As the year winds down and the holiday season is upon us, life slows down a bit and provides time to review the past year and begin contemplating our plans for 2018. We asked some of our guest authors what they wish for in 2018 with regards to education technology—what are their expectations? What do they hope for in 2018? We hope you enjoy their glimpse of the not-too-far future.
Each month we publish blogs and several newsletters full of digital learning, funding, professional growth, social media, and STEM resources. Below are items from our blogs and newsletters that educators turned to the most in November.
The Presidential Awards for Excellence in Mathematics and Science Teaching (PAEMST) is currently accepting nominations in honor of outstanding mathematics and science (including computer science) teachers of K–6. The award recognizes those teachers who develop and implement a high-quality instructional program that is informed by content knowledge and enhances student learning. Awardees join a network of more than 4,700 past recipients and receive a certificate from the President of the United States, a trip to Washington, DC, and $10,000. Educators are invited to nominate a teacher or begin an application on the PAEMST website. Nominations close on April 1, 2018; applications must be completed by May 1, 2018.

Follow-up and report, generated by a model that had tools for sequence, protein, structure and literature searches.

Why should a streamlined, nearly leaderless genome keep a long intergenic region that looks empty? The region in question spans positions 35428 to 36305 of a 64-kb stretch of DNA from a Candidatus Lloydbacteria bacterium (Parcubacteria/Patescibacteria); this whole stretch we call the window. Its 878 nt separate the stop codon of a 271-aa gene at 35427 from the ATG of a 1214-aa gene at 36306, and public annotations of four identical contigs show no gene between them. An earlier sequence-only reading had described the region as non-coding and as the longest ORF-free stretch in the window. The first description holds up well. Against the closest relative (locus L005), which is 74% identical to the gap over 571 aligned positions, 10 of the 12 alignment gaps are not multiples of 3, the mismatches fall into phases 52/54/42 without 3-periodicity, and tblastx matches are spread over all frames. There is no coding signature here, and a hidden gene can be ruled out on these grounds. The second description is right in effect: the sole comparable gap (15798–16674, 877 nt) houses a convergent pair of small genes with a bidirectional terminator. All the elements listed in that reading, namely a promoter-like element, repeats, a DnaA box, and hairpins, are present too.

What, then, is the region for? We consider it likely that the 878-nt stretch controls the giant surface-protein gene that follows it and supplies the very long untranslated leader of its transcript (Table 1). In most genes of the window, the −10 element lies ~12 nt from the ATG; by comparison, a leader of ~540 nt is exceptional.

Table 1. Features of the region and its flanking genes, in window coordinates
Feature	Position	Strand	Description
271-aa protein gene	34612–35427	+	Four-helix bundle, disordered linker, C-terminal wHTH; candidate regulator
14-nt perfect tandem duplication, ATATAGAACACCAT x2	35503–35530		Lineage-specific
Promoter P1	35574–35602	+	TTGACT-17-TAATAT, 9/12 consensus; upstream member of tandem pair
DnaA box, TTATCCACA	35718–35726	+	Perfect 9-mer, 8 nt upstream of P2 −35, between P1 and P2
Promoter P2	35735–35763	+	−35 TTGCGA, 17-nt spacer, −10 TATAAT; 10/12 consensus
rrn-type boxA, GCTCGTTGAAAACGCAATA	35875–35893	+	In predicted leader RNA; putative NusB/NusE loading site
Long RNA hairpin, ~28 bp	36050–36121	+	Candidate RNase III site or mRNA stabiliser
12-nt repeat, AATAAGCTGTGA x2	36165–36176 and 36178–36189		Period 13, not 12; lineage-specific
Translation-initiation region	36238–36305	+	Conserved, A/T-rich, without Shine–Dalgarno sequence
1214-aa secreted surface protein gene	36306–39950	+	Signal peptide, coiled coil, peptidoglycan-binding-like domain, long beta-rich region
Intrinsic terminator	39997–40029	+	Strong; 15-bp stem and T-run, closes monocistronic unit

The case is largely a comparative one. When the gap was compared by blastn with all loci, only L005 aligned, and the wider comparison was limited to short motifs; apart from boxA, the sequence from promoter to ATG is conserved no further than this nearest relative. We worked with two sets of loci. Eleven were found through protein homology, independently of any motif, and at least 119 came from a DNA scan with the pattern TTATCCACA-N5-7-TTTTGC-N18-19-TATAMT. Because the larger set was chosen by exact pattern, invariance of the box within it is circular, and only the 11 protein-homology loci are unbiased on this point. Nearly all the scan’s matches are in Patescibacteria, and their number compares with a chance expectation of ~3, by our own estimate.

Educators are invited to register to be an eCYBERMISSION Teacher/Team Advisor. eCYBERMISSION, a freeweb-based STEM competition for students in grades 6–9, promotes self-discovery and enables all students to recognize the real-life applications of STEM. eCYBERMISSION encourages students to develop solutions to real-world challenges in their local communities and compete for state, regional, and national awards. Teacher/Team Advisor responsibilities include assembling a team, registering both teacher and students, assisting the team in choosing a Mission Challenge, assisting the team with its Mission Challenge, and submitting the team’s Mission Folder.
Designed by Primo in New Zealand, Cubetto offers a fun and engaging way for children to learn the principles of coding through a myriad of themes and subjects, including literacy, numeracy, math, and science. This friendly wooden robot encourages students to practice life skills, such as collaboration, through hands-on play and helps them to develop other important proficiencies, such as spatial awareness and storytelling.